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Twitter Audio
Twitter Video

Twitter Becomes Its Own Second Screen With Dockable Videos That Play While You Browse

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You could call it Picture-In-Twitter. Last week Twitter launched its dockable audio Card, and similar functionality is appearing for video so you can keep watching clips as you browse Twitter on iOS and Android. As demonstrated by a Call Of Duty tweet I spotted, the Twitter Player card lets you view a video full-screen or tap to dock it to the bottom of the screen so it continues playing as you surf around the Twitter app.

By making video less interruptive, Twitter could encourage views of both user-generated clips and video ads. And one day, dockable video could let you watch and second-screen tweet about the content all from within the Twitter app.

Picture In Twitter Screenshots

img_5218Twitter’s audio card launched last week in partnership with SoundCloud and iTunes to let you listen to music from a docked player as you navigate the app. This effectively lets you create a soundtrack for your Twitter session, or discover new music while reading other tweets.

The docked video functionality is reminiscent of YouTube’s picture-in-picture option for browsing while you watch. I’ve reached out to Twitter for details on the dockable videos. [Update: The Next Web wrote about an early version of this design in August, but it’s been updated with rounder edges, and a smaller, less obtrusive docked player size.]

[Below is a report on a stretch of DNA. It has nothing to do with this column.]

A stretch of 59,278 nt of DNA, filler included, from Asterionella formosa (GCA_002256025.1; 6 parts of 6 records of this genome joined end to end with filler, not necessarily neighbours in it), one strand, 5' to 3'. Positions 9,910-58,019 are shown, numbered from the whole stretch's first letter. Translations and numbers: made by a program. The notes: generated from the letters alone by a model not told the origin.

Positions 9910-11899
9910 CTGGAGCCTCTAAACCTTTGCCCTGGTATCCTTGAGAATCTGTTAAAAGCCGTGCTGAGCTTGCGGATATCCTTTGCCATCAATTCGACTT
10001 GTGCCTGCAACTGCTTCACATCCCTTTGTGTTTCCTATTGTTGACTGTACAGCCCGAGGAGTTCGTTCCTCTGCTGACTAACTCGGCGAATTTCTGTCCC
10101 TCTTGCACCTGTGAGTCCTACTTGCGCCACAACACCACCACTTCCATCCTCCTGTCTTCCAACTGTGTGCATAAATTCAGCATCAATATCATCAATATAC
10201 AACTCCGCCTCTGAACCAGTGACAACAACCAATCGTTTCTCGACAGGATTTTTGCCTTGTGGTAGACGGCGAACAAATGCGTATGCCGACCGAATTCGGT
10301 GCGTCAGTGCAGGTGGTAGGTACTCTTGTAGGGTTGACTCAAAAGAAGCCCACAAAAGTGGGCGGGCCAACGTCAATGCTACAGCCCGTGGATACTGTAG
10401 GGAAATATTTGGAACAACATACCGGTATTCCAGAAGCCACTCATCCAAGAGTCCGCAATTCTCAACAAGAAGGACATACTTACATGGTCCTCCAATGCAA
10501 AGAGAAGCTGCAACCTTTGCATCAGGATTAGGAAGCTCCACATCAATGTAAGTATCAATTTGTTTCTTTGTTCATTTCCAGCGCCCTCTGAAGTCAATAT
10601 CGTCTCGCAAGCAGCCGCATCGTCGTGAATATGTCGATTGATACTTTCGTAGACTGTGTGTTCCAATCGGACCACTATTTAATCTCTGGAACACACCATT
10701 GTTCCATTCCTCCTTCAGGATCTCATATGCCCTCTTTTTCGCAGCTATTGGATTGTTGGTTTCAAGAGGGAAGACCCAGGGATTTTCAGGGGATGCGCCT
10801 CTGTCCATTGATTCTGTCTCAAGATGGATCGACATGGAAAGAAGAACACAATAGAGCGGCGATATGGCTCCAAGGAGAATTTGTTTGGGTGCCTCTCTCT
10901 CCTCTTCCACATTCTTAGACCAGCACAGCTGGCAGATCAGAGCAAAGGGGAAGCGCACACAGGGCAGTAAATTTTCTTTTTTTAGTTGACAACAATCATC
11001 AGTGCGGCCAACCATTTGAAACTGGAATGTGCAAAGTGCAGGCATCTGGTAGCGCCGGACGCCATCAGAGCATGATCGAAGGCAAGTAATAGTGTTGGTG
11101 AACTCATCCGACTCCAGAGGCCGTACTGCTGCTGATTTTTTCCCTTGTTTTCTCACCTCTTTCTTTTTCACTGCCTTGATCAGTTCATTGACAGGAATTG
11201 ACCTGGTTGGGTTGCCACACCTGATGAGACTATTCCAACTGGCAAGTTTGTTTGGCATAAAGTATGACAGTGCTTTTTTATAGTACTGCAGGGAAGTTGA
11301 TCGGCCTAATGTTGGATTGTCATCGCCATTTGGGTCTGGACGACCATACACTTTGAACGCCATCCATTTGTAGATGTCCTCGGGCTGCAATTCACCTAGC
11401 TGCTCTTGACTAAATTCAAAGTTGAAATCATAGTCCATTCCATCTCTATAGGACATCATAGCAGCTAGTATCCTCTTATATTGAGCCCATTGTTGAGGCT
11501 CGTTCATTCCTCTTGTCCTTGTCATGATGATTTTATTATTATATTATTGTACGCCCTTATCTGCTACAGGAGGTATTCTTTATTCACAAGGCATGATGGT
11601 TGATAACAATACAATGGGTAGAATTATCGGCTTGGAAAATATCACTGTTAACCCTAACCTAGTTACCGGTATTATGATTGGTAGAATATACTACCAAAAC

As a video plays in the dock, a white progress bar denotes how long is left in the clip, and audio keeps playing if you go to compose a tweet. The video card isn’t quite as graceful as the audio card, as you’re certainly not getting the full experience from a tiny, thumbnail-sized video player in the corner of the screen.

The dockable video player is still useful, though. You could start a short-form video like a commercial, highlight clip, or trailer in full-screen, then dock it as it finishes up to still listen in or make sure you don’t miss anything cool at the end. If something from the little player piques your interest, you can tap it to bring it back to full-screen.

The bigger opportunity might be in long-form video. Imagine following along with a docked video of a sports match or awards show as you read and post tweets about the event. Twitter’s long been seen as a companion to TV. But by ditching the television set and subsuming its video content, Twitter could be the only screen you need to step up to the global watercooler.